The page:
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Tennessee Valley recognized by National Geographic

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CHATTANOOGA (WRCB) – The National Geographic Society is recognizing the significance of the Tennessee Valley and need your help.

The National Geographic Society has unveiled the "East Tennessee River Valley" Geotourism Mapguide. The Tennessee Valley will be one of only 15 locations on the Earth featured.

As part of the guide, the National Geographic Society is asking locals to share their favorite destination in the area.

The public is encouraged to go online to www.EastTNGeotourism.org and nominate destinations and events that include historic sites, parks, museums, restaurants, scenic byways, and wildlife areas that make our greater Chattanooga corridor to Knoxville and the Smoky Mountains such a great place to live, work, and play, as well as a world-class tourist destination.

City officials will make an announcement with a press reception on Friday, June 24, with Mayor Ron Littlefield making the "first nomination" and remarks from National Geographic representative Jim Dion.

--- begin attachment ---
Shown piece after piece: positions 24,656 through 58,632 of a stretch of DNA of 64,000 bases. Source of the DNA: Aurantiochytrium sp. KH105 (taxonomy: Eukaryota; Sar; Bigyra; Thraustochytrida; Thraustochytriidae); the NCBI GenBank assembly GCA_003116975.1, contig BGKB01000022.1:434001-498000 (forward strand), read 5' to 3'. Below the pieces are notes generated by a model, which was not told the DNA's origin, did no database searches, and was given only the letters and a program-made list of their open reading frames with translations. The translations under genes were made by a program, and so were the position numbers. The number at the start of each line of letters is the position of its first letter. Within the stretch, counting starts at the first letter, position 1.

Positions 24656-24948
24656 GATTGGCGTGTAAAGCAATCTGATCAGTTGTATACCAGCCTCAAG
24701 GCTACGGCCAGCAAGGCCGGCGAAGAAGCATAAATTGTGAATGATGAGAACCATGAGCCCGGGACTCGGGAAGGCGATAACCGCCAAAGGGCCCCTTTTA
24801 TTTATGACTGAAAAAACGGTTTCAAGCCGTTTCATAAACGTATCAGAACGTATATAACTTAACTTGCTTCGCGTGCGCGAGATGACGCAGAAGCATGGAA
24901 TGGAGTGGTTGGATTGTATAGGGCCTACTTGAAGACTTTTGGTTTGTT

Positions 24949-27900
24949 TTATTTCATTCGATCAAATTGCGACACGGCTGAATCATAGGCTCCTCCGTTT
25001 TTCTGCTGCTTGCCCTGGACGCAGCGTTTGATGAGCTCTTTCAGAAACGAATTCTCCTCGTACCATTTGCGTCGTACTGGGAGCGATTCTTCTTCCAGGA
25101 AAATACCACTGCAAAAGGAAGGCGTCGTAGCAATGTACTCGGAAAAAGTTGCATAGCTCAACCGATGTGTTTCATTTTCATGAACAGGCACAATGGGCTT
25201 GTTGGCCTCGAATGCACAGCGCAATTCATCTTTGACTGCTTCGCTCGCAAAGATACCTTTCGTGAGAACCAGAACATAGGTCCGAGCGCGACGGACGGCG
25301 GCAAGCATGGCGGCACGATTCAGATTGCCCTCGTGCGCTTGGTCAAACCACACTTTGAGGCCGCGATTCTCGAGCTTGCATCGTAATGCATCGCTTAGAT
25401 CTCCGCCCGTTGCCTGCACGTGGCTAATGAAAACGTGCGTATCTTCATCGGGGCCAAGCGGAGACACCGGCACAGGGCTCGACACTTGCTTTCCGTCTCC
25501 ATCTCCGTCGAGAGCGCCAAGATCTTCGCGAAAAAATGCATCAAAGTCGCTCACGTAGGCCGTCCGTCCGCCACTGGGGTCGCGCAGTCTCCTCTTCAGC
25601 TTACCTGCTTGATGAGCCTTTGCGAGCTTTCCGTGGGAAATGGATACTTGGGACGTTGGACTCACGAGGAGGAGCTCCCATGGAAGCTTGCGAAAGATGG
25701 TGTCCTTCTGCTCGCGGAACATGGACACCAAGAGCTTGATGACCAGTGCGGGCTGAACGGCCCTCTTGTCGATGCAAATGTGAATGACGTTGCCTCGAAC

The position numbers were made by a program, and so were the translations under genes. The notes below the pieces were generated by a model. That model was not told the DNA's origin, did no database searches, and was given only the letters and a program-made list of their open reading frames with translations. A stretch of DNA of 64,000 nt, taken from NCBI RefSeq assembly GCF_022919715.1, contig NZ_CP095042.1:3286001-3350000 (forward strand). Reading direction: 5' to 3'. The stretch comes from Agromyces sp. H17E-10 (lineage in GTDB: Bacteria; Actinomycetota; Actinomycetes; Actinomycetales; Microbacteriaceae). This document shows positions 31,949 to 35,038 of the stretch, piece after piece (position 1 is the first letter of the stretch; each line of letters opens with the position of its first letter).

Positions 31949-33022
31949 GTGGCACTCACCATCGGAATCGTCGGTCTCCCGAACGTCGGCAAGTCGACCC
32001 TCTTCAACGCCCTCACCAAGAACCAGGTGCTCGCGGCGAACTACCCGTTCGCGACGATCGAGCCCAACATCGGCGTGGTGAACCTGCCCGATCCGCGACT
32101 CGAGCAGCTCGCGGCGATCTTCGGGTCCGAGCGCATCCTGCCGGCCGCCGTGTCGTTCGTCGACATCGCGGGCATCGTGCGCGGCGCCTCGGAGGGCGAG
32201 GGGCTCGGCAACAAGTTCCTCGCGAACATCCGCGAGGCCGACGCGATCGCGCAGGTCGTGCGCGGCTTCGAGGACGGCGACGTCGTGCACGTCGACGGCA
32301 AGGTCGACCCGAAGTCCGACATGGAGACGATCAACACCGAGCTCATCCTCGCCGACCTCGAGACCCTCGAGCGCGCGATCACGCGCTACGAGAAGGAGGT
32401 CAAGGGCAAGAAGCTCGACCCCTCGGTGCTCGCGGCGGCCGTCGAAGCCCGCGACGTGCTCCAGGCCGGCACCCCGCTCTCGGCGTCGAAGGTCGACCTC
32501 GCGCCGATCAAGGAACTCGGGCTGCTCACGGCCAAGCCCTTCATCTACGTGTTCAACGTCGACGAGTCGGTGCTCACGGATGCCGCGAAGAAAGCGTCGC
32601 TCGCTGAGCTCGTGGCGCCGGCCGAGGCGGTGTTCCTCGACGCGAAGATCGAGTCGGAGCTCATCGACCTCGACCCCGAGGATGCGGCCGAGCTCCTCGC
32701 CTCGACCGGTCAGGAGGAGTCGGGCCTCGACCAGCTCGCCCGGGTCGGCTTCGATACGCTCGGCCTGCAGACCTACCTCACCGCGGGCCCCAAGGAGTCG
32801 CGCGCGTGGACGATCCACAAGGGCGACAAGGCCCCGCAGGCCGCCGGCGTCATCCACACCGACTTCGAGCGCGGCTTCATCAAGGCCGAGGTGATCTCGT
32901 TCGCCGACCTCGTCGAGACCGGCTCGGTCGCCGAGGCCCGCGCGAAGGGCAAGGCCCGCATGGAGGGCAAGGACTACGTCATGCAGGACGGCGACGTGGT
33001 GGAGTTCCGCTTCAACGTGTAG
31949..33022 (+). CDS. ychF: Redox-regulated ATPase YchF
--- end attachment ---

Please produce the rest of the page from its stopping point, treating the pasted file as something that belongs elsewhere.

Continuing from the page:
The event coincides with the City of Chattanooga Office of Sustainability's four-day conference with Citistates Group, a team of international journalists who provide in-depth coverage of regions around the world and best practices in ecology, economy, and culture moving forward in the 21st century.

Office of Sustainability Director David Crockett says, "As Chattanooga is gearing up for a regional long-range planning and visioning process, the National Geographic GeoTourism project is aligned with the Chattanooga region's global leadership as one of the ‘Most Livable Cities' and an ‘Intelligent Community of the Year.' This is important in driving continued environmental and economic development for our area. Sustainable development is a key component of geotourism—it's not just environmental, it also considers the economic and social impact of the tourism industry on our community. Chattanooga has already initiated Green Hospitality and Green Restaurant certification, as well as developing a network of greenways and blueways for outdoor recreation."

The Office of Sustainability and the Department of Education, Arts & Culture are collaborating on this project, which is grounded by a set of sustainable tourism principles, as part of a larger joint effort to educate and implement city-wide sustainability as outlined in the Chattanooga Climate Action Plan and STAR Community Index Goals—focusing on economic development, natural resources protection, social wellbeing, arts and culture.